Oh, Easter is a special day in our family. It certainly has been a VERY special day, ever since I almost died on Good Friday when I was 5 years old!
HUNGARY AND ROMANIA
My mother is the religious one in my family. She belongs to the Reformate church, which is the only branch of Protestantism that exists in Hungary and Romania. My father is a Catholic, but not a very good one. When asked by my mother to teach me the Lord’s Prayer in Hungarian, my father taught me a rated R version that resulted in my mother not speaking to him for weeks. For those who speak Hungarian, his version of the prayer began with, “Mi gatyák, aki a kosárban…”
My mother has always taken religious holidays very seriously, and Easter has always been second only to Christmas in her book. On Easter, my mother has always taken it upon herself to feed her friends and neighbors, as well as the poor and unfortunate. As a result, she has always cooked for days before Easter.
The year I turned 5, she decided to initiate me into this tradition, only everything went wrong.
My mother had prepared a gigantic pot of chicken soup and placed it on a wooden board under the window to let it cool off. She proceeded to further busy herself at the stove with the preparation of the other dishes. I went to the sink, which was right next to the window, to lick out some bowls that had been used to make the desserts. I took one wrong step, landed with my foot partly on the wooden board the chicken soup was resting on, lost my balance, and fell into the pot, with my behind first.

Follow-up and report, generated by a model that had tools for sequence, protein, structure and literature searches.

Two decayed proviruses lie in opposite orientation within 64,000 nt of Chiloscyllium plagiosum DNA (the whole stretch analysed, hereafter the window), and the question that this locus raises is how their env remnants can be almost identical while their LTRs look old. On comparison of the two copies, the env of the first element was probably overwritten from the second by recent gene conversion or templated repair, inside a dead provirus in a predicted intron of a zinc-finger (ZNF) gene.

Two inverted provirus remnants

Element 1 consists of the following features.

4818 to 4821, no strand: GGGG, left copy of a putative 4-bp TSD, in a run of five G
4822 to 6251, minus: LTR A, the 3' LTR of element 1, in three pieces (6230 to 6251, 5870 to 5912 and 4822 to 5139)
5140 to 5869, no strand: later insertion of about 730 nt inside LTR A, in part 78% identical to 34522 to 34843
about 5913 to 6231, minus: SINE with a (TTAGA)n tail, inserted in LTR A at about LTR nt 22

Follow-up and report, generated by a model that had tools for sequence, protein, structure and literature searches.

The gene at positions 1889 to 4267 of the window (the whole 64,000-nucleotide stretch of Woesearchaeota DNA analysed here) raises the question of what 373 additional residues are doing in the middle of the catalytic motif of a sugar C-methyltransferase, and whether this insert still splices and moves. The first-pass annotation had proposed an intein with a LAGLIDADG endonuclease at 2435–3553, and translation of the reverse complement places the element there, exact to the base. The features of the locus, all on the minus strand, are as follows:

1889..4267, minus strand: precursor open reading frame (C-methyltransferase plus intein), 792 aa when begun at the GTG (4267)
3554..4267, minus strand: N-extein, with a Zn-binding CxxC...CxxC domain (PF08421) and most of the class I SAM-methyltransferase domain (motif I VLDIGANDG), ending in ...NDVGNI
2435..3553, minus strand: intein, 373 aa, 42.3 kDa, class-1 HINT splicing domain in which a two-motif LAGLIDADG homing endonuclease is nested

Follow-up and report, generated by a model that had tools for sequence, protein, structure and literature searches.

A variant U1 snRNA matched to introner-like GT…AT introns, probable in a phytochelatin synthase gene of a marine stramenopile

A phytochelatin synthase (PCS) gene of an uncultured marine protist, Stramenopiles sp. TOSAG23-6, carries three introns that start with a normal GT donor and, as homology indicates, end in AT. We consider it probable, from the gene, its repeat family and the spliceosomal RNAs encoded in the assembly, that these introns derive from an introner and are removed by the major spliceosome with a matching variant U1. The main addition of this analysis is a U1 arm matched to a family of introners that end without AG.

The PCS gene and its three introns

The pot was so huge, that I slipped in all the way to my waist and got caught. Apparently, I only let out one little scream and then fainted. My mother pulled me out of the soup as soon as she could, but my poor bottom still cooked into the soup for altogether too long.
What made matters worse was that I was wearing nylon panty hose that quite dramatically melted into my flesh.
The story turns funny in a second, so please keep reading.
The ambulance was called, I was taken to the hospital and saved, but my mother insisted on bringing me back home, trusting only herself to take care of me. Now, you have to know that in the late 1970s in Romania, the way they treated severe burns was to clean the wound thoroughly and press sterile gauze, dipped in iodine into the wound. As the skin grew back, the gauze pieces would slowly peel off.
So, you see, I returned home, wrapped from the waist to my knees in gauze dipped in iodine and could only rest on my stomach.
And it was Easter!
But it would turn into not only a memorable Easter, but also a joyous one.
My father, the not-so-good Catholic, has always been a very good father. And he was not going to let me be sad on Easter.
In Hungary and Romania, one interesting Easter tradition, for kids especially, is the practice of locsolás. On Easter Monday, excitement about spring and ancient fertility rituals mix into the religious celebration of the resurrection of Jesus Christ. Little girls and women paint eggs, mainly by attaching little flowers and leaves onto the eggs, tightly wrapping them inside old pantyhose, and cooking them in water with red onion peels or red beets. They also prepare obscene amounts of cookies and pastries.